[2] The Liquidity Coverage Ratio (LCR) calls for banks to have enough unencumbered high quality liquid assets (HQLA) to meet a 30-day stressed liquidity outflow scenario. Banks that rely heavily on wholesale funding are subject to a higher required LCR than those funded chiefly by retail deposits. The different requirements accounts for the fact that larger U.S. banks hold a disproportionate share of total excess reserves. Although the U.S. first began enforcing Basel-based LCR requirements in January 2015, it appears that U.S. banks that were to be subject to those requirements started accumulating qualifying liquid assets in 2013.

[Cross-posted from]

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Monday February 27, 2017 @ 03:25:40 AM mt

Freedom of Association Takes Another Hit

To see how little is left of one of our most important rights, the freedom of association, look no further than to todays unanimous decision by the Washington State Supreme Court upholding a lower courts ruling that florist Baronelle Stutzman was guilty of violating the Washington Law Against Discrimination (WLAD) when she declined, on religious grounds, to provide floral arrangements for one of her regular customers same-sex wedding. The lower court had found Stutzman personally liable and had awarded the plaintiffs permanent injunctive relief, actual monetary damages, attorneys fees, and costs.

This breathtaking part of the Supreme Courts conclusion is worth quoting in full:

We also hold that the WLAD may be enforced against Stutzman because it does not infringe any constitutional protection. As applied in this case, the WLAD does not compel speech or association. And assuming that it substantially burdens Stutzmans religious free exercise, the WLAD does not violate her right to religious free exercise under either the First Amendment or article I, section 11 because it is a neutral, generally applicable law that serves our state governments compelling interest in eradicating discrimination in public accommodations.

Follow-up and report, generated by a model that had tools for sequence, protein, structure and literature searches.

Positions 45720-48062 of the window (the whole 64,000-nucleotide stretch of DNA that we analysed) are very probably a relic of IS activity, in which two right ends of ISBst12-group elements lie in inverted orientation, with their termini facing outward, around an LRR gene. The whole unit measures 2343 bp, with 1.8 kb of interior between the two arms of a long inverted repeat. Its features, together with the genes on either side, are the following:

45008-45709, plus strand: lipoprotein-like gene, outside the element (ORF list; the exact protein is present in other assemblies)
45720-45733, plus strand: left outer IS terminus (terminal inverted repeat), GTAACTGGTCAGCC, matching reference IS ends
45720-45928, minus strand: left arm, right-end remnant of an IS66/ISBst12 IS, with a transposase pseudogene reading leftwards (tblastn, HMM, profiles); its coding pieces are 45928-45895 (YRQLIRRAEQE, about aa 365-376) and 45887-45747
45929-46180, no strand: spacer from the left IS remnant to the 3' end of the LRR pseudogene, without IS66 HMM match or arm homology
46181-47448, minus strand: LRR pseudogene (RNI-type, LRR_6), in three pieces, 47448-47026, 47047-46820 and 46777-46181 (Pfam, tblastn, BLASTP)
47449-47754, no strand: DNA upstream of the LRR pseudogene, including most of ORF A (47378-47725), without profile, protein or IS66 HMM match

We have here yet another striking example of how modern state statutory anti-discrimination law has come to trump a host of federal constitutional rights, including speech, association, and religious free exercise. Its not too much to say that the Constitutions Faustian accommodation of slavery is today consuming the Constitution itself.

Consider simply the freedom of association right. That liberty in a free society ensures the right of private parties to associate, as against third parties, and the right not to associate as wellthat is, the right to discriminate for any reason, good or bad, or no reason at all. The exceptions at common law were for monopolies and common carriers. And if you held your business as open to the public you generally had to honor that, though you still could negotiate over services.

Slavery, of course, was a flat-out violation of freedom of associationindeed, it was the very essence of forced association. But Jim Crow was little better since it amounted to forced dis-association. It was finally ended, legally, by the 1964 Civil Rights Act. But that Act prohibited not simply public but private discrimination as well in a range of contexts and on a range of grounds, both of which have expanded over the years. The prohibition of private discrimination was probably necessary at the time to break the back of institutionalized racism in the South, but its legacy has brought us to todays decision, where florists, bakers, caterers, and even religious organizations can be forced to participate in events that offend their religious beliefs.

Courts havent yet compelled pastors to officiate at ceremonies that are inconsistent with their beliefs, but we have heard calls for eliminating the tax-exempt status of their institutions. Such is the wrath of the crowd that wants our every act to be circumscribed by lawtheir law, of course. And theyre prepared, as here, to force their association on unwilling parties even when there are plenty of other businesses anxious to serve them. As I concluded a Wall Street Journal piece on this subject a while ago: